Arch Types: Which One Are You?
You’ve heard of a lie detector test to tell if someone’s speaking the truth, but have you heard of a wet test? It’s an exam to test the arch type of your feet, and there’s no denying the results.The Wet Test
When looking to identifying your foot type from home there is a very simple test that can be performed. Many parents often use the “wet test” to identify arch types in their children and measure the changes in their feet over time. In order to identify your foot’s arch type follow these simple directions:
- Pour a layer of water into a thin pan. (Make sure your foot can fit in it)
- Wet the bottom of your foot.
- Step directly onto a paper bag or piece of paper.
- Observe the shape left by your foot.
If you can see half of your foot shape as defined by the “water mark,” then you have normal arches. Seeing less than half indicates high arches and more than half means that you have flat feet or flat arches. Knowing your foot’s arch type can help you greatly in determining proper footwear and support for your feet.Archetypes of Arch Types
Not all feet disperse weight equally. Podiatrists tend to describe arches as falling into one of three distinct groups: normal, flat, or high. Now that you’ve done the wet test and found your arch type, you can see what that means. While many of the causes of your arch type are genetic and develop naturally, some high or flat arches can form over time or through injury.Normal Arches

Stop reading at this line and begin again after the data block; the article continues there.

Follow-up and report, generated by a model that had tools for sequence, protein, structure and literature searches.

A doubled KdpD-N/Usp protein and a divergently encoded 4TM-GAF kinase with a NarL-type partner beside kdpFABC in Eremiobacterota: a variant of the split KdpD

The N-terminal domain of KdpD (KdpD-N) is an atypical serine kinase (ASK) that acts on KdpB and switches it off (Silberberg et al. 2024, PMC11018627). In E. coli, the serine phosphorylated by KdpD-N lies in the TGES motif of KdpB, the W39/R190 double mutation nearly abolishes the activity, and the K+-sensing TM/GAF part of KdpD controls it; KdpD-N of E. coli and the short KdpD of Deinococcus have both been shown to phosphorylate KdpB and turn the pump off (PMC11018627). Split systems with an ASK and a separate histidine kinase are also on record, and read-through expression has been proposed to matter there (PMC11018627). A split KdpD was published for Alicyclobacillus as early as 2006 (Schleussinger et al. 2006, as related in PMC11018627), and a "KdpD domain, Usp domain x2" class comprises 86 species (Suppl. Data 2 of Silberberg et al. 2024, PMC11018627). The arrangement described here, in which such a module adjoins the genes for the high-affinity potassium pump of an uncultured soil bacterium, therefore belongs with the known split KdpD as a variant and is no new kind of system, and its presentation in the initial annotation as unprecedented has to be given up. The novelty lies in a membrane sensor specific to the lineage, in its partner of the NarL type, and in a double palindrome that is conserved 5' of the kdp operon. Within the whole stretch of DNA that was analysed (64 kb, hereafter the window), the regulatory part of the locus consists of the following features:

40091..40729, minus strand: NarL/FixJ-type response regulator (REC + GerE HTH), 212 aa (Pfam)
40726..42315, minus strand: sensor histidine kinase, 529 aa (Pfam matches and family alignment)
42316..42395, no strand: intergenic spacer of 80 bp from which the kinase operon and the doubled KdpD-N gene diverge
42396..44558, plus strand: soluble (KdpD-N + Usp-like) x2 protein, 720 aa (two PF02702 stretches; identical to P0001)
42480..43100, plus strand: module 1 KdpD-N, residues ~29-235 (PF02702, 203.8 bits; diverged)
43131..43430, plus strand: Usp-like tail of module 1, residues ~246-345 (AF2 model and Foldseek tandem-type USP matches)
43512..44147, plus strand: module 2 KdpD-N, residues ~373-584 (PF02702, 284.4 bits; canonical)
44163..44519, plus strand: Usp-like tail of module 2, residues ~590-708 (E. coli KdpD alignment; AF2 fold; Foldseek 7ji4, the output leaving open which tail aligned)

Normal arches where half of your arch touches the ground with each step means that your feet pronate normally and absorb shock well. As this is the most common type—60 percent of people have these—most shoes will suit your feet with no problems. You should find shoes that offer a moderate amount of support and cushioning to be comfortable in daily life, as well as for exercise. However, take note that just because you have normal arches, doesn’t mean you will never experience common foot conditions.Flat Arches
If your entire footprint was visible after the wet test, then you have flat feet. People with flat feet tend to overpronate. This means that immediately following the collapse of your arch during a step, your foot moves inward more than the average person’s does. If this range of motion is excessive, it can pave the way for many foot injuries. Shoes and orthotic inserts that increase stability and control motion can help minimize common flatfoot problems such as heel or arch pain, and plantar fasciitis.High Arches
If you see much less than half of your foot after performing the wet test, then welcome to the high arches club—20 percent of people have this arch type. High arches underpronate and therefore don’t absorb shock to the feet efficiently. Avoid shoes with excessive support or motion control as they can exemplify the already prevalent issues in your feet. There are special orthotics that are designed to help disperse the shock, but expect to experience some heel or ball of the foot pain.